Leaders of the gay and lesbian community, local Democrats and clergy gathered Tuesday on the steps of City Hall to urge the Colorado Springs City Council and Mayor Steve Bach to sign a resolution condemning an attack the victims have characterized as a hate crime.
About 40 people attended the rally, many of whom also spoke afterward at the City Council meeting at which they blasted Bach for declining just days before the attack to issue a proclamation endorsing an upcoming gay pride event.
“We’re gathered here today because of the situation that spurred us to remember that we have not eased the hate that has been fostered in this town since Amendment 2,” said Carolyn Catley, El Paso County Democratic Party secretary. “It is not one incident that brings us here, it is an incident that has been tolerated for over a decade. It is an incident that has been tolerated by members of our council and our mayor who will not speak out and denounce hate crimes against our citizens.”
Amendment 2, passed by Colorado voters in 1992, banned laws protecting gays from discrimination. Colorado was labeled the “hate state” by opponents who challenged it in court. It was declared unconstitutional by the U.S. Supreme Court in 1996.
The attack happened early July 3 at a north Colorado Springs fast-food restaurant. According to one of the victims, he and two other male dancers who perform at a local gay club and several of their friends were assaulted by a group of five black males and two black females who called them “faggots.” No arrests have been made.
Colorado Police Sgt. Steve Noblitt said last week that the attack appeared to be a hate crime, based on what the victims told officers. However, during Tuesday’s council meeting, Police Chief Richard Myers said it was too early in the investigation to determine if it was a hate crime.
Nancy-Jo Morris, a transgender woman, said she attended the rally and council meeting to give a voice to the victims who were too scared to come forward.
“This is the 21st century and there is no reason for an area like Colorado Springs to be acting like the pre-segregation South,” said Morris. “This is not Mayberry. It’s a grown-up city and it’s time we started acting like one.”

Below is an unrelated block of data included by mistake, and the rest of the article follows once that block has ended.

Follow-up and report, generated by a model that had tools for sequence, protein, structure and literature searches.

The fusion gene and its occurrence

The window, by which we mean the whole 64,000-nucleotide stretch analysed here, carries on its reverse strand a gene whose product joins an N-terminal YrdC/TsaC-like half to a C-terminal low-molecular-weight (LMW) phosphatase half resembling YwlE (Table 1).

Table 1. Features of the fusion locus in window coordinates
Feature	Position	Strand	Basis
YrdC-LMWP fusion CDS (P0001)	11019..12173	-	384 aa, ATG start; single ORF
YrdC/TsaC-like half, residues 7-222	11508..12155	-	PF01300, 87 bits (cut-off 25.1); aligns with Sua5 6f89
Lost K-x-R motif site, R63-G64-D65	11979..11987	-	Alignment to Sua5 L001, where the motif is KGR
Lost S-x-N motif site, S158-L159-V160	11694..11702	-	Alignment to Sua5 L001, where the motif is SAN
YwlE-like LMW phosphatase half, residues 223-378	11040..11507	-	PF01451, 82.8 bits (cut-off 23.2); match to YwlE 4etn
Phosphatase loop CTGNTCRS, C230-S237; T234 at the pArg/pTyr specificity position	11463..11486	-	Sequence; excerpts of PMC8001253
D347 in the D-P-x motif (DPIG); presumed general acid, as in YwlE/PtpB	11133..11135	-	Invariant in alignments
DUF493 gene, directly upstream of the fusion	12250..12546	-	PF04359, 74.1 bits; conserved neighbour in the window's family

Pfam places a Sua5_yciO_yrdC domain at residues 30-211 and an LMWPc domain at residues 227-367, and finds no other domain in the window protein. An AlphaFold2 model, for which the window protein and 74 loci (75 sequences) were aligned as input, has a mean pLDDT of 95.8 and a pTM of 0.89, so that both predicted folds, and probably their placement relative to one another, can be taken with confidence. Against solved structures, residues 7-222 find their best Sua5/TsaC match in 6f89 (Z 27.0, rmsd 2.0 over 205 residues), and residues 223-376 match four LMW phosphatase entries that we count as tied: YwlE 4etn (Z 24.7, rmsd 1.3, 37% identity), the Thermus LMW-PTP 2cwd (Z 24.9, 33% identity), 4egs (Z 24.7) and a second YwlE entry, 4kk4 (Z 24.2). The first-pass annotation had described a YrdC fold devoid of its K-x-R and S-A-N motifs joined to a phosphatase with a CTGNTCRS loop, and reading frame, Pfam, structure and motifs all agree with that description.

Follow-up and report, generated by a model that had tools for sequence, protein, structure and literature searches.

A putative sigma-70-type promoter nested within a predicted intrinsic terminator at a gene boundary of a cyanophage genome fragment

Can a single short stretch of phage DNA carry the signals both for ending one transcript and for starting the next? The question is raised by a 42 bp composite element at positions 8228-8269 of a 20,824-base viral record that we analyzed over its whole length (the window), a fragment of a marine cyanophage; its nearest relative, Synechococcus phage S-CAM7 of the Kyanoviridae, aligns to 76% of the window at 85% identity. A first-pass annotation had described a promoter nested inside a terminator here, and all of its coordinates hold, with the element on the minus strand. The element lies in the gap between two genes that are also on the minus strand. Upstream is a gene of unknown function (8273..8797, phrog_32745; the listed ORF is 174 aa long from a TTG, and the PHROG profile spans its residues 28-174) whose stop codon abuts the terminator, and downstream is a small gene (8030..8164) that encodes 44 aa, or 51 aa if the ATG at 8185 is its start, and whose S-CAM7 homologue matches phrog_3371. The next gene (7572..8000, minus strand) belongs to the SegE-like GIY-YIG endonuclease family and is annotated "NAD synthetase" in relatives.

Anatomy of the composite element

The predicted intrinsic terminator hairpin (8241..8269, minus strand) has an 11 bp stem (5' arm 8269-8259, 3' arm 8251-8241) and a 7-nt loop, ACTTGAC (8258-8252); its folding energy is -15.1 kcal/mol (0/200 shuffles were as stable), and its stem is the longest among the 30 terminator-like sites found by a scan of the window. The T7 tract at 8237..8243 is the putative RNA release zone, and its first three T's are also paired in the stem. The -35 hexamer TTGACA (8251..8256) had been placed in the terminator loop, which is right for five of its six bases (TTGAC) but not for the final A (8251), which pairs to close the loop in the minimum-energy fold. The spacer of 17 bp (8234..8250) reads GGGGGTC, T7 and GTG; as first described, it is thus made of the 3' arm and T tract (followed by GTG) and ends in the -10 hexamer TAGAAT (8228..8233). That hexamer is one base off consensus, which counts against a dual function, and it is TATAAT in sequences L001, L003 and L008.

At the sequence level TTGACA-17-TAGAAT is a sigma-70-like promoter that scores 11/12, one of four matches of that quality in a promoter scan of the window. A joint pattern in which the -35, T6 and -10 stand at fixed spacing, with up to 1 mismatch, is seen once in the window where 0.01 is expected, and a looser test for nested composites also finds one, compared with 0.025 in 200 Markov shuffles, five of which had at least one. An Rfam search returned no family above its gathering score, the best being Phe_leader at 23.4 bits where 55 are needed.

Bach on Tuesday defended his decision not to sign the PrideFest proclamation, arguing it did not signify that he was intolerant.
“I made my position clear during my campaign so it wasn’t any surprise. I was still elected,” Bach said during the council meeting. “I hope you will find in my actions what you don’t see in my persona. I love everyone in this community.”
He said before the meeting that he would not sign a resolution condemning the attack, which he has already done in statements issued by city spokespeople.
Council members also rejected need for a resolution condemning the attack, with Councilwoman Lisa Czelatdko lashing out at the claim that Colorado Springs has a reputation for being intolerant.
“I resent the representation that Colorado Springs is a city of ignorance and intolerance and small-mindedness,” Czelatdko said.
Speaking about the city council, she said, “I’m sorry but you are not looking at a group of homophobic small-minded individuals.”
City Council President Scott Hente said that eight years ago, the council had passed a resolution promoting goodwill in the city and condemning racism and discrimination. The resolution is posted at the base of the steps inside City Hall.
“I think we’ve already done what you’ve asked us to do,” he said.
See video of Tuesday's rally
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